What is psychotherapy?
Whereas most people have an idea what counselling means, many are much less clear about psychotherapy. There is considerable overlap between counselling and psychotherapy, both in the issues that can be addressed and the methods used. In general psychotherapy tends to address more deep-seated problems which may have roots in very early childhood experiences. Psychotherapy tends to take longer, and a commitment to regular sessions becomes important. The training of a psychotherapist can be longer that that of a counsellor, and a psychotherapist will normally have been to therapy themselves for several years.
There are many branches of psychotherapy, including Psychodynamic, Psychosynthesis, Transactional Analysis, Gestalt, Humanistic and Integrative, to name but a few.
If you are unclear about which form of therapy is best for you, please call Maurice Tomkinson.
What does psychotherapy involve?
Therapy sessions normally take place once a week and last an hour. At the first meeting the therapist will ask you about the problems or issues you would like to work on, and the results you would like to get from psychotherapy. He or she will also answer any queries you may have.
During subsequent sessions you can bring any issue you want to talk about, and together we will explore it in different ways, sometimes using imagery or dreams, sometimes by exploring feelings, often simply talking.
What sort of problems can be helped by psychotherapy?
The list below gives examples of some of the issues that can be worked with in psychotherapy:
addictions • anger management • anxiety • bereavement • breakdown • bullying • compulsions • communication difficulties • creative blocks • crises • depression • eating disorders • family problems • fear • mid-life crisis • obsessions • panic attacks • phobias • relationship problems • self harm • sexuality issues • sleeping problems • stress • suicidal feelings • traumas • work and career issues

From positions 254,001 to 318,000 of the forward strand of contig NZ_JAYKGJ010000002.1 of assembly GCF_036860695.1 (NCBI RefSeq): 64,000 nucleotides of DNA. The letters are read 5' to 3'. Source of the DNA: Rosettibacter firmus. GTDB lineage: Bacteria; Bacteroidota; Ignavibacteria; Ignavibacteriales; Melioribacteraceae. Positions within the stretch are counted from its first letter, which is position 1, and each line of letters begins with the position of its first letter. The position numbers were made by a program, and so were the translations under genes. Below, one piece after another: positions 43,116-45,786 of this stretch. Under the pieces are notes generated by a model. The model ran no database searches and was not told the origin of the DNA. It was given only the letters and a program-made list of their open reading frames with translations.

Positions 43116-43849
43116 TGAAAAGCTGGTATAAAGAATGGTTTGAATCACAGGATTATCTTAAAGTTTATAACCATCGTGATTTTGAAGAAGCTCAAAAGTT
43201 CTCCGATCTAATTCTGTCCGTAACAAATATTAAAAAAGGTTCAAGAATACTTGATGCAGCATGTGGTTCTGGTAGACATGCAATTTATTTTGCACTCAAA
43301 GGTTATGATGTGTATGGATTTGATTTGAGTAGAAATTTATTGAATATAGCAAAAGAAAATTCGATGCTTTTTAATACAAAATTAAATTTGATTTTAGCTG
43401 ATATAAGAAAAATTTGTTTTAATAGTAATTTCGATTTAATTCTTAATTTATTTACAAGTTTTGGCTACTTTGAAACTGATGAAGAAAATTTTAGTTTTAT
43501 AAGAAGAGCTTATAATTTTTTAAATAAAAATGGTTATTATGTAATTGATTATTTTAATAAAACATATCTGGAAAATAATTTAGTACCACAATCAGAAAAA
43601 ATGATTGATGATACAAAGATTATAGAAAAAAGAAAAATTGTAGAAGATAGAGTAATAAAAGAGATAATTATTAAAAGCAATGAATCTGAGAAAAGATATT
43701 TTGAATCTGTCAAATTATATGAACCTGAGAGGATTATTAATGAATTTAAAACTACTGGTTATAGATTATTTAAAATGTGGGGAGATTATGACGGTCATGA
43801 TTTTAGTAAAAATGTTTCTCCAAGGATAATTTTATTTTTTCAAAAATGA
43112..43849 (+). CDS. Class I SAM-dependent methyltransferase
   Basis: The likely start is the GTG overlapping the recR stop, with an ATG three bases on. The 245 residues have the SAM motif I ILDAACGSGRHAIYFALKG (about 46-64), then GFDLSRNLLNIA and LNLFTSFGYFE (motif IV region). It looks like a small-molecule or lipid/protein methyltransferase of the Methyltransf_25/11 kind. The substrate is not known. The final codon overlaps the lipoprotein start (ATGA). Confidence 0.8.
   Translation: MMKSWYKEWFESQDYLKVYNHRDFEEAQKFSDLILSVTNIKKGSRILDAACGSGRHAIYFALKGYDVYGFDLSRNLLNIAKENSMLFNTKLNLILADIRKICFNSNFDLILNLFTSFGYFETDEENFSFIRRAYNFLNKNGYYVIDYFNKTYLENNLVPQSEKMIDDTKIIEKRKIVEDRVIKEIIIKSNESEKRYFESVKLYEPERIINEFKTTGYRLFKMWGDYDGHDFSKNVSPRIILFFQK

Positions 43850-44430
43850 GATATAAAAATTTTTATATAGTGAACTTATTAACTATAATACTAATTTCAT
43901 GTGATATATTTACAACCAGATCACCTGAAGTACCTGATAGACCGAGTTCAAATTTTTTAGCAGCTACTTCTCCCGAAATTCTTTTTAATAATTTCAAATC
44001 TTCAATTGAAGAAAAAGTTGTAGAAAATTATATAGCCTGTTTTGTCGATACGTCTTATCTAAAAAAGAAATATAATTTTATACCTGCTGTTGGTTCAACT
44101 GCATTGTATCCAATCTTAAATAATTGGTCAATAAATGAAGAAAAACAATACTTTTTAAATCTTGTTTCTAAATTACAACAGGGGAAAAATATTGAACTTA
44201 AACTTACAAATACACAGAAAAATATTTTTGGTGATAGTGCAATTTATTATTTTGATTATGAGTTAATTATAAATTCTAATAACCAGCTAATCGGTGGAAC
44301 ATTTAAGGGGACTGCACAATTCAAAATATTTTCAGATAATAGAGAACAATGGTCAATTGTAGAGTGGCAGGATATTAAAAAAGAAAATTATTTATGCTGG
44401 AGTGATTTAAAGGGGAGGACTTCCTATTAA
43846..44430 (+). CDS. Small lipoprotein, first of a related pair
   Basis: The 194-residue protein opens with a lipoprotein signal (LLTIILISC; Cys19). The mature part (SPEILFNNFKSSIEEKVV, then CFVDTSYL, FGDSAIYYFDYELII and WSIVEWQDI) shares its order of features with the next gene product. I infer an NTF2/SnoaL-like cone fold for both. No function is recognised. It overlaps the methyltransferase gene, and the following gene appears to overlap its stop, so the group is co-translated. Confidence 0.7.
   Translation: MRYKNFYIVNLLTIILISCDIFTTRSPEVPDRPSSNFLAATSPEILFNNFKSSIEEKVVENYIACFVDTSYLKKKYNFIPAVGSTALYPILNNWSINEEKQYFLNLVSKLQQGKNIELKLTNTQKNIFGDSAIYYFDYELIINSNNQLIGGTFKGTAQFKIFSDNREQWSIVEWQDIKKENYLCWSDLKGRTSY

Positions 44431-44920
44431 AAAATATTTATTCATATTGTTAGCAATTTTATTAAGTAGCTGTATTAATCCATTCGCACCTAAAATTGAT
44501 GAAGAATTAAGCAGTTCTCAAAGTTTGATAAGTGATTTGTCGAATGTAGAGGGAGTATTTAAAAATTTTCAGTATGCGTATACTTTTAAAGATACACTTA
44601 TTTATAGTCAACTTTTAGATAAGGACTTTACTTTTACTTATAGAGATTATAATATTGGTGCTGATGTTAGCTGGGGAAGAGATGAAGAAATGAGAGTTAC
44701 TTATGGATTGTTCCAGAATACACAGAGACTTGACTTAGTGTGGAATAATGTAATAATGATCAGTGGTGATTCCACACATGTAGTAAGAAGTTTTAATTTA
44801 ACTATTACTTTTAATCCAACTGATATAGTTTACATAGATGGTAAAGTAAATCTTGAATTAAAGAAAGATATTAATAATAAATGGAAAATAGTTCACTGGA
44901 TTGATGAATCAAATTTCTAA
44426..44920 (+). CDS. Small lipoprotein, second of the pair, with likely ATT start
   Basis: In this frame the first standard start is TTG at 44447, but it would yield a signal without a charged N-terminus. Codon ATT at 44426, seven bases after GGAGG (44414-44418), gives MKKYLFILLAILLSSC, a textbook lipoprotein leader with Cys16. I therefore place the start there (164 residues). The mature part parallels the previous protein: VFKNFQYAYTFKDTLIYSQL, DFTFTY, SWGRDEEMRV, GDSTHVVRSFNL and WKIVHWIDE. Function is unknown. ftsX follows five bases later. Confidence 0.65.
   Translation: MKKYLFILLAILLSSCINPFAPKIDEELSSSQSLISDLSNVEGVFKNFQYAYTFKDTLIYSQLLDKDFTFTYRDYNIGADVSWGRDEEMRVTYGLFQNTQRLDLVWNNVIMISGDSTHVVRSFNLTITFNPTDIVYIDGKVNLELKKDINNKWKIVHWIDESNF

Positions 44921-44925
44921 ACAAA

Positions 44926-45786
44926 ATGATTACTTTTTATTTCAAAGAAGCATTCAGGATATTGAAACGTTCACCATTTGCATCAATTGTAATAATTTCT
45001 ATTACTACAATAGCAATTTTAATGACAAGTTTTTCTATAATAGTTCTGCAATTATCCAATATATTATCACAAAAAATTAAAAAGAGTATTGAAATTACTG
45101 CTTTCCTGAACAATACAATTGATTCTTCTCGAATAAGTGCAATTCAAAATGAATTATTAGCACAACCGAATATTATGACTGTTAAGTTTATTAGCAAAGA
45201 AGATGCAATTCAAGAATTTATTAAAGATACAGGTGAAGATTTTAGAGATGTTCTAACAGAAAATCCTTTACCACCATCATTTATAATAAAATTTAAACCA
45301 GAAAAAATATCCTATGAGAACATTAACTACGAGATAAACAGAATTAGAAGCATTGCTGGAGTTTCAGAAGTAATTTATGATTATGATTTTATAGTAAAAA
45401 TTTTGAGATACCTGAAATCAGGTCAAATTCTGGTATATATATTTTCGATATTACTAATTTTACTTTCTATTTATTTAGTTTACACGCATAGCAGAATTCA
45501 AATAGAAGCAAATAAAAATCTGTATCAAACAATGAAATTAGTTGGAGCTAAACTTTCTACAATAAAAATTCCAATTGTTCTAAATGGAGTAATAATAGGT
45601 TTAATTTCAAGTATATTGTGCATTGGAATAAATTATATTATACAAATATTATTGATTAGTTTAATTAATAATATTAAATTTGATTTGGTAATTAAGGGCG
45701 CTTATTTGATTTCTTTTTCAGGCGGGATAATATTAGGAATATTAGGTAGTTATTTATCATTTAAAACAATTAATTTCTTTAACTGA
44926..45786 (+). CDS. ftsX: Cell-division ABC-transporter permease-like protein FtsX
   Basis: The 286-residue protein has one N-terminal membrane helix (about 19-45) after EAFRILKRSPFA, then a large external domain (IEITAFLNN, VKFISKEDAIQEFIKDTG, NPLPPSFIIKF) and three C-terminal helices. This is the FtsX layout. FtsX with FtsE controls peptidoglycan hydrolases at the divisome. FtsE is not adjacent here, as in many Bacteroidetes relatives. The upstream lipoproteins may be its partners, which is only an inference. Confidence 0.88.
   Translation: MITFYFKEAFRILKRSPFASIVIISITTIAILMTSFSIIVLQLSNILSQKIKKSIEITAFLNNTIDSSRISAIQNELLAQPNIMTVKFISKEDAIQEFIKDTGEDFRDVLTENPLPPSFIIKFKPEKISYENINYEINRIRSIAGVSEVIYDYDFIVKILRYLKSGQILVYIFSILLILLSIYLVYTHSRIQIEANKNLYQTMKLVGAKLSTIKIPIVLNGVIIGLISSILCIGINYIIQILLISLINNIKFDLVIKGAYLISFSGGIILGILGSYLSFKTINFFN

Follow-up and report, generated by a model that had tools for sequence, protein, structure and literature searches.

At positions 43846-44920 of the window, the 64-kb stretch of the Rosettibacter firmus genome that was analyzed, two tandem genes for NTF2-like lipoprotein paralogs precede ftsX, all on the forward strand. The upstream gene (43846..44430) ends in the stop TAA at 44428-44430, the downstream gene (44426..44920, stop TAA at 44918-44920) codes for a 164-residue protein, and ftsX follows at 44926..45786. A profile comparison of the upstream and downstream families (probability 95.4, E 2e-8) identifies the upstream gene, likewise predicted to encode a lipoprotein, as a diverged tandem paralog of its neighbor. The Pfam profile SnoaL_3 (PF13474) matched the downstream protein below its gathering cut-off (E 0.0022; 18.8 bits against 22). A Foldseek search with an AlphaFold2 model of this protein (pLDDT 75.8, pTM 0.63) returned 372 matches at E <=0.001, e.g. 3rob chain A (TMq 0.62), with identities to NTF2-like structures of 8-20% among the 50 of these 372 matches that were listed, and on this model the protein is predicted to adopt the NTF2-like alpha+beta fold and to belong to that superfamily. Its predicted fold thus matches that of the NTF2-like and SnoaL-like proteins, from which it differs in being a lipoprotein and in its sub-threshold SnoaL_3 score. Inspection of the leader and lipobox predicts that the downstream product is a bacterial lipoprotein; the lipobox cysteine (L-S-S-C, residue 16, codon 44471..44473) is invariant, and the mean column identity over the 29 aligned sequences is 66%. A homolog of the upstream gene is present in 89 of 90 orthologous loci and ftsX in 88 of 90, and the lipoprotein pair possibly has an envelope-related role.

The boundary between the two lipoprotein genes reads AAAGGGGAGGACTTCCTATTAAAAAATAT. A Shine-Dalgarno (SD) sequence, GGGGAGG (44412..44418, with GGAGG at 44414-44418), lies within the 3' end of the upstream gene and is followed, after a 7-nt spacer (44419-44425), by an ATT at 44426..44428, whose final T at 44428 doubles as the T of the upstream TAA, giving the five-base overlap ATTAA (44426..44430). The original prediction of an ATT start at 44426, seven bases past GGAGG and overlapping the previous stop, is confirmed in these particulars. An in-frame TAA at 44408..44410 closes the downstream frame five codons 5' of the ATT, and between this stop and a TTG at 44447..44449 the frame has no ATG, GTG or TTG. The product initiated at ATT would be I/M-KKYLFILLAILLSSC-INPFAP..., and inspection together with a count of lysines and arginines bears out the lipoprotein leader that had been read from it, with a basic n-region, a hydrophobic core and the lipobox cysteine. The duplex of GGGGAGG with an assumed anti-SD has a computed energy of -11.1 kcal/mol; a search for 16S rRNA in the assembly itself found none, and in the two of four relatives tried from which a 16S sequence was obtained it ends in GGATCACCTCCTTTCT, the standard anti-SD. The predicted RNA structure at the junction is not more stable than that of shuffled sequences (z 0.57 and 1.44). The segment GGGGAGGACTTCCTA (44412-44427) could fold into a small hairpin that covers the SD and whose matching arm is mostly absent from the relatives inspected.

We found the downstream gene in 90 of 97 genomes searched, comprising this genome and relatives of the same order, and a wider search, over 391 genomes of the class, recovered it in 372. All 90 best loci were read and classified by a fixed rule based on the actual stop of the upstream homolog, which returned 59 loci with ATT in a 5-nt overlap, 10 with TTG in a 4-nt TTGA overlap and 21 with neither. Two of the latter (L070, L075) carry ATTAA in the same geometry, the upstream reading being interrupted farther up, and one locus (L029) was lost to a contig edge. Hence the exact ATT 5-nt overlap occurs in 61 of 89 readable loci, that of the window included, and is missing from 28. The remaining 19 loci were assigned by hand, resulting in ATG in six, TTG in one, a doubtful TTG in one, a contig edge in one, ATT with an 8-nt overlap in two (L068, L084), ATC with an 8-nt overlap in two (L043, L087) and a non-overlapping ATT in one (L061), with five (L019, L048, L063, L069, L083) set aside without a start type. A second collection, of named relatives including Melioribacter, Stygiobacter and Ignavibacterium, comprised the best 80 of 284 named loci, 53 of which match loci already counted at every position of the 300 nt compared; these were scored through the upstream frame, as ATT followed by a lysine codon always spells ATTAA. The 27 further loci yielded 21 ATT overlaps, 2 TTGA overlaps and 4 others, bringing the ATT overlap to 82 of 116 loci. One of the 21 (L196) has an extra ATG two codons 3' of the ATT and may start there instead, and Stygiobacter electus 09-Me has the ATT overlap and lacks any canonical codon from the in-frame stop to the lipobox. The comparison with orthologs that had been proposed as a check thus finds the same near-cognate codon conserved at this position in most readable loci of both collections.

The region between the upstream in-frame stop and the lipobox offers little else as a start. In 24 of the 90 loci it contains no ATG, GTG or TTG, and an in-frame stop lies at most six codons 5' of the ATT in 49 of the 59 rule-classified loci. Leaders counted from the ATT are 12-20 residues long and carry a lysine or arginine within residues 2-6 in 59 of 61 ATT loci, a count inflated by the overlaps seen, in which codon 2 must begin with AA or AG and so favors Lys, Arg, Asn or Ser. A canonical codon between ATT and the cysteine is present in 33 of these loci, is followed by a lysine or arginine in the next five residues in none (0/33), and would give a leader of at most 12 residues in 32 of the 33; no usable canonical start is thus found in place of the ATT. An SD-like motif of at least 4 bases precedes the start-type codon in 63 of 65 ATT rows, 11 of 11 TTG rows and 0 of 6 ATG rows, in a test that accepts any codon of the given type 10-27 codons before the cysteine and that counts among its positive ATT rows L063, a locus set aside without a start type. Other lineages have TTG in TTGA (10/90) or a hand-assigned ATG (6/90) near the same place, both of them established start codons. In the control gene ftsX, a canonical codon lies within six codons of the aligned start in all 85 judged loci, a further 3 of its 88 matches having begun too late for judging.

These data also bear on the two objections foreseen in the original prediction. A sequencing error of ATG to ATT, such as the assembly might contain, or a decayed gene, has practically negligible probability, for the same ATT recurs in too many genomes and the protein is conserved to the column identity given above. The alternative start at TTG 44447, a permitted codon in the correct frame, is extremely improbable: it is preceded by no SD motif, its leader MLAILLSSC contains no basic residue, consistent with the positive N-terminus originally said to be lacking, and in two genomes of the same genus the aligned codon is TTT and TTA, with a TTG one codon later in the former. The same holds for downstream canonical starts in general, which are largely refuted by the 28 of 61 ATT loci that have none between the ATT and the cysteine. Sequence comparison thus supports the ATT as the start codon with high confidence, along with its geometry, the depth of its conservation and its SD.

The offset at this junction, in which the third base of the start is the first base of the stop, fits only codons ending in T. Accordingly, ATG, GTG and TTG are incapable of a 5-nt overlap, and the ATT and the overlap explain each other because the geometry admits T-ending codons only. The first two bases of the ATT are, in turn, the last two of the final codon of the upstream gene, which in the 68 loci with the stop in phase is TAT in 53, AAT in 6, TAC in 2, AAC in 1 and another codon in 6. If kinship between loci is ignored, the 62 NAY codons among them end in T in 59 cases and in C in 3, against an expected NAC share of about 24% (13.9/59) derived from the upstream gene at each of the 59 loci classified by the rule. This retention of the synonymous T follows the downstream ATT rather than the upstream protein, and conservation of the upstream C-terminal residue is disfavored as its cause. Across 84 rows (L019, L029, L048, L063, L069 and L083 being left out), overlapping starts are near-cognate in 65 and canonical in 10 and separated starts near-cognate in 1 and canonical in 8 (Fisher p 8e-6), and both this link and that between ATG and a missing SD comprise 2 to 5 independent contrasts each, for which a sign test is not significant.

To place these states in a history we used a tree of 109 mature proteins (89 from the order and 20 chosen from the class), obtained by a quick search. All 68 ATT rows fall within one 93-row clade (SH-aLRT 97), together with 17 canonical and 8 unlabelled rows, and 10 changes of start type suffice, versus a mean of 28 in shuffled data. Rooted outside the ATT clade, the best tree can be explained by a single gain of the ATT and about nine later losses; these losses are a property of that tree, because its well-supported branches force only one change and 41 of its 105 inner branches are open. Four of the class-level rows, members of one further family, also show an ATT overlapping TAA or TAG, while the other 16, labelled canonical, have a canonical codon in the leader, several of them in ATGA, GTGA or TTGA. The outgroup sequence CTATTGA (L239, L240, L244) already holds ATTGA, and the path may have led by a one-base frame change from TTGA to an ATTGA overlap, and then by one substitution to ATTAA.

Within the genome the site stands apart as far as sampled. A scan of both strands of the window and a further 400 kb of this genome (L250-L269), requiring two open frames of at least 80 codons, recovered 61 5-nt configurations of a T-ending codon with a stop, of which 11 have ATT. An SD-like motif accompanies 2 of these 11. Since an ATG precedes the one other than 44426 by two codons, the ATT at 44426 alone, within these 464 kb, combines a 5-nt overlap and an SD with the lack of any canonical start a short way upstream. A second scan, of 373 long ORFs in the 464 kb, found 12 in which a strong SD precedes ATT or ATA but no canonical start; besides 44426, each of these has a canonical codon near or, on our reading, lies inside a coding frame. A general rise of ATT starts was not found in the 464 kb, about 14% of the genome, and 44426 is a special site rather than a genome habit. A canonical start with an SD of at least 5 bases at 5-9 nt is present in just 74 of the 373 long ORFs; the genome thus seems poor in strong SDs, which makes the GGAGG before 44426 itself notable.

This is by no means a complete list - if you have an issue that is not listed here, it doesn't mean that it can't be helped by psychotherapy. Give us a call to discuss it confidentially.
How long does it take?
This is not an easy question to answer, as it depends on the nature of the problem, the type of change you are looking to achieve, and your own readiness to make the necessary steps.
As a guide, clients find that a certain amount of emotional relief can be obtained by talking through a problem in one or two sessions, a single issue problem that has arisen fairly recently may be resolved in five or ten sessions, whereas a problem which is complex or has persisted for years may take many months to resolve.
How much does it cost?
Each practitioner working at the Hope Street Centre sets their own fee scales. As a guide, counselling and psychotherapy sessions typically cost £35-50 per hour. Some therapists offer reductions if a block of sessions is paid for in advance.